According to the Chartered Institute of Housing website, "Working in housing is not just about the building, it's about making a positive difference to people's lives, their communities and their life chances by providing them with a decent home and environment in which to live. Over 150,000 people are estimated to work in the affordable housing sector in the UK. A career in housing is exciting and can provide an incredible variety of options, from housing management, to residential involvement and from development to supported housing - to mention just a few. Put simply, if you want to make a positive difference working in housing is for you!"

Opportunities to secure a career that is right for you, can be enhanced not only through the wide range of experiences that are available to you through your degree programme, but also through the wealth of resources and support that is available through our specialist Careers Network.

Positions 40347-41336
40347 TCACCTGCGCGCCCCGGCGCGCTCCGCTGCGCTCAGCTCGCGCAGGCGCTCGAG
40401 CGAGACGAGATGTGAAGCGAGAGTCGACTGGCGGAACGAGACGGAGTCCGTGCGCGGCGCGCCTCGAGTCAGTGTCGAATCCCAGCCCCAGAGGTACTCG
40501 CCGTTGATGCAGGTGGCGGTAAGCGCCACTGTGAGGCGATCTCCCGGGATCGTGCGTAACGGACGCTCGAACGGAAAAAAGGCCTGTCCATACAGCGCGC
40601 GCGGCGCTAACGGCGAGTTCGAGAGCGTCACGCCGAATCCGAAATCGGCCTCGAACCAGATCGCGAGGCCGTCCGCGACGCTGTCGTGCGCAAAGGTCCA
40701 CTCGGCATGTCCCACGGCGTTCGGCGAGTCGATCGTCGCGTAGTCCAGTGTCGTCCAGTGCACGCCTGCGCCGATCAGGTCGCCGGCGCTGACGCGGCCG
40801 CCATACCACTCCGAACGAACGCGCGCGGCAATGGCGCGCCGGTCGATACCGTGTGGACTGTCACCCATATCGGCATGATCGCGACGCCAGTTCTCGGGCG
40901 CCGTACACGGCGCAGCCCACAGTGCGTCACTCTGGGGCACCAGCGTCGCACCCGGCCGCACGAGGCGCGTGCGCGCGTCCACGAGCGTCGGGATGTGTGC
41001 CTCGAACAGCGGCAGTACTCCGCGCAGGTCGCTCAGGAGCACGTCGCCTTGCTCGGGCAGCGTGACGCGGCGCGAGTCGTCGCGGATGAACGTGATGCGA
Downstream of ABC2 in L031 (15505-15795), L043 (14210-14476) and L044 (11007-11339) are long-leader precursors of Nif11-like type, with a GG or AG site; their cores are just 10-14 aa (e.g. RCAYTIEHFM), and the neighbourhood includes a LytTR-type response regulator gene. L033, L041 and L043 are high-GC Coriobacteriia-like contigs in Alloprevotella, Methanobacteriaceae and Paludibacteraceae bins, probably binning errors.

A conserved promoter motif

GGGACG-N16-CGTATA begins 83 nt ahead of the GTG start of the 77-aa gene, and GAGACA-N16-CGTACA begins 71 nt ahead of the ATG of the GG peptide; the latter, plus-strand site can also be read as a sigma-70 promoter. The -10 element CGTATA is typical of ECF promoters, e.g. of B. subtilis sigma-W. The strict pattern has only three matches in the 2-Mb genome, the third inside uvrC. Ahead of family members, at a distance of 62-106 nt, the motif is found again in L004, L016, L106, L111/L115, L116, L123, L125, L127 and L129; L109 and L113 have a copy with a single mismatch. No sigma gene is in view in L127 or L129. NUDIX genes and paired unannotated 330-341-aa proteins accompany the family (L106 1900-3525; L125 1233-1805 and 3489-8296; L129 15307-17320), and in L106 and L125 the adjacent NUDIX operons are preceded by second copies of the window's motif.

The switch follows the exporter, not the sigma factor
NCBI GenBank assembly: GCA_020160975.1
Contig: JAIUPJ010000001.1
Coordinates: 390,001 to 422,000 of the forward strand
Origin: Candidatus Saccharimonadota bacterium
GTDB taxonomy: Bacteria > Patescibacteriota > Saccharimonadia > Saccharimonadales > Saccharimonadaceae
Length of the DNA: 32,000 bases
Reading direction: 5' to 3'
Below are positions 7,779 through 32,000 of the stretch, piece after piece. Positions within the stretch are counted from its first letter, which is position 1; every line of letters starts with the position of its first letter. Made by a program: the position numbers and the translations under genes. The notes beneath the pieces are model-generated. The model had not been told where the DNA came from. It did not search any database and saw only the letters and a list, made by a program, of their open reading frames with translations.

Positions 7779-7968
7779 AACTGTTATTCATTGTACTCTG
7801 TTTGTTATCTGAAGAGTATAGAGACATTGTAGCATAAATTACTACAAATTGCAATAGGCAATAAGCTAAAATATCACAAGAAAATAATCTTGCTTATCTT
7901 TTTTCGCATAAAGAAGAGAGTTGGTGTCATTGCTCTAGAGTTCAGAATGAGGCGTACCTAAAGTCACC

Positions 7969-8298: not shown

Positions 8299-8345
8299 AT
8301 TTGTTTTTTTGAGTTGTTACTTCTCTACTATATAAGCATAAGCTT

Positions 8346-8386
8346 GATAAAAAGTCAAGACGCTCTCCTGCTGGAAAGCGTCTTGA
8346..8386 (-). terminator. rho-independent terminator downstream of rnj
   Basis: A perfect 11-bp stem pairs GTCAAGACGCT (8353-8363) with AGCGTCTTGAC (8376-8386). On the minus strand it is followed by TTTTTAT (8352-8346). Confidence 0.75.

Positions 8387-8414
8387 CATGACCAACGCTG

Richard

Richard, BA Social PolicyRichard took the single honours social policy degree. He decided to study social policy as it allowed him to study a wide range of subjects and issues. Over the course of his studies, Richard enjoyed the criminal justice and diversity modules. Read more...

Naila Begum

Naila Begum, BA Social PolicyI found the Social Policy Department to be very supportive; personal tutors prioritise the welfare of students and ensure that they are on task with their academic work. I particularly enjoyed the Crime and Justice Modules as they provided me with really good insights into the way that public issues can influence the way that the law develops. Read more...

Will Monaghan

Will Monaghan, BA Social PolicyWill Monaghan studied social policy at Birmingham University. He had a particular interest in refugees and the way faith interacts with politics. His dissertation focused on whether or not the government should fund faith schools. Read...